Coquelicot Art of the First World War
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  The age of artillery

"The rumbling of the artillery became more and more frequent and ended up forming a single rumbling of the whole earth. From all sides, outgoing bursts and explosions threw forth their flashing beams which lit up the dark sky over our heads with strips of light in all directions. Then the bombing grew so heavy that the flashes became continuous. In the midst of the uninterrupted chain of thunder claps we could see each other directly, helmets streaming like the bodies of fish, gleaming black iron shovels, and the whitish drops of the endless rain, truly it was like moonlight created by cannon fire." This is how Henri Barbusse describes the night-time bombardments on the Artois front in 1915, in terms of a fantastic landscape. Such passages can be found in all the books, memoirs, novels and letters telling of the Great War. The soldiers were crushed, terrified by the blind violence of the artillery, the salvos, the preparatory shots and the destruction, the explosions and the devastation caused by a single projectile. From the Battle of the Marne, which was won by the French with their 75-mm guns, to the duels on either side of the firing line, and the long-range guns that bombed Paris early in 1918, the artillery gun was the most important element in the war - a machine, the machine par excellence, blind and tireless, surrounded by its servers and its caissons. It was the symbol of tactics subordinated to industrialisation where factories were needed to mass produce shells, foundries to manufacture the tubes and carriages, and ballistic calculations to determine backsight adjustments and firing angles. An artillery war was the war of engineers and blacksmiths, and a war of numbers.
In France, the number of heavy guns rose from 300 in 1914 to 5 200 in 1918 and the number of 75-mm guns from 3 900 to 5 600. The types of matériel also changed - field artillery lost ground to heavy artillery and so-called 'trench' artillery. Further figures: at the end of the war, there were 600 000 artillerymen, as compared with a million infantry. In August 1917, during the French offensive to secure the positions around Verdun, three million shells were fired inside three days. On September 26th 1918 alone, in order to break through the German front in Champagne, 1 375 000 75-mm shells were fired, representing a third of the entire stockpile of this calibre for 1914. One last figure: during the Great War, losses due to artillery fire rose to 67% of total casualties. The figure had previously stood at around 15%.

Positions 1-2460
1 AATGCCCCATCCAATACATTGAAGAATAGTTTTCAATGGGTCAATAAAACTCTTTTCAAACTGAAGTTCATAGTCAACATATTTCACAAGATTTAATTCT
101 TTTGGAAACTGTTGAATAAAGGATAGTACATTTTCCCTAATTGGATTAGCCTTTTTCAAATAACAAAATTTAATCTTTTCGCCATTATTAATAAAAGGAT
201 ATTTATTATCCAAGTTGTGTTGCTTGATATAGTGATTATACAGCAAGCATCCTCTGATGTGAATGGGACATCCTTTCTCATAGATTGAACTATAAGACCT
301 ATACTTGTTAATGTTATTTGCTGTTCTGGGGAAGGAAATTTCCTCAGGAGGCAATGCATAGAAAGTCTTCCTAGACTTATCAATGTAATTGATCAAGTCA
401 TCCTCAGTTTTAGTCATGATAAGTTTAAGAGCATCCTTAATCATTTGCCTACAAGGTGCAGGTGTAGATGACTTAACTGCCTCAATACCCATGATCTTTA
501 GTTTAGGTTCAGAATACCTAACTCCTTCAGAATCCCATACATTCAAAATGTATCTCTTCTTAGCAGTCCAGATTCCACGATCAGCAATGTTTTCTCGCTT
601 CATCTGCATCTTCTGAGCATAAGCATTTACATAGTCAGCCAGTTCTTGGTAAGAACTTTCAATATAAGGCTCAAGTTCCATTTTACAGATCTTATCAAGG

The Guns

More than machine-guns or any other type of equipment, the artillery caused the build-up of a vast collection of pictures, including both photographs - an aspect we will come back to later - and paintings. 

Explosions

From the very earliest days of the war, photographs familiarised civilians on the home front with a picture, almost always the same, of a shell exploding, with plumes of smoke and a crater left in a field. Throughout the conflict this image repeated itself and soldiers vied with each other as to who was the most daring and skilful and who could produce the most convincing photograph, the snapshot taken at the best moment and as close up as possible. Maurice Genevoix told the story of Boquot, a lieutenant in the Engineers stationed at Les Eparges. During a torpedo bomb raid, he refused to take shelter, but instead waited "with his Kodak on his stomach, taking photographs of the explosions", while "the monstrous column of earth and smoke (...) rose up and up into the air, sending plumes of smoke a hundred feet up in the sky". When the shooting stopped, "Boquot laughed along with us, stroked his Kodak and calmly murmured, 'I got some good photographs, mind! I'll get them to the big magazine Illustration. On the sly, wif (sic.) my initials... these documents are for real, aren't they?'"
These countless photographs and written descriptions beg the question of the role of the painter and artist. What could the artist paint or draw to convey these brief and so violent events characterised by their noise and speed? Artists came up with all kinds of different solutions, from the shapeless ink blot to the radiating geometrical figure. 


Le Miroir May 2nd 1915  

The Desert and Hell

Fire invented a new landscape, devoid of landmarks or colour. When Jean Hugo went to the front line for the first time during the spring of 1915, he discovered the battlefield with the rising of the sun: "The plain, which stretched as far as the eye could see, seemed to have been churned up by a mad plough. The entanglement of trenches formed in the grass a huge white net with much of the mesh gnawed away. In the middle, there was a pile of stones and beams from which emerged, here and there, a house and a tree with all its leaves: La Targette. Further on, some charred tree trunks and a few white stones: Neuville-Saint-Vaast (...) There were thousands of men on this plain and I could only see one of them. He was lying face down with his nose in the grass; he was dead." Jean Hugo, Le regard de la mémoire 1914-1945 (The Look of Memory), Actes Sud, 1983.

Total war . . .

      The Guns
34 - Roger de La Fresnaye
35 - Gino Severini
36 - Gino Severini
37 - Paul Nash
38 - Percy Wyndham Lewis
39 - Armin Horovitz 

    Explosions
40 - André Dunoyer de Segonzac
41 - George Grosz
42 - Max Beckmann
43 - C. R. W. Nevinson and
      Henri Gaudier-Brzeska
44 - C. R. W. Nevinson
45 - George Grosz
46 - Félix Vallotton
47 - Paul Nash 

    The Desert and Hell
48 - Félix Vallotton
49 - Oskar Kokoschka
50 - Jacques Villon
51 - John Nash
52 - Paul Nash
53 - Georges Leroux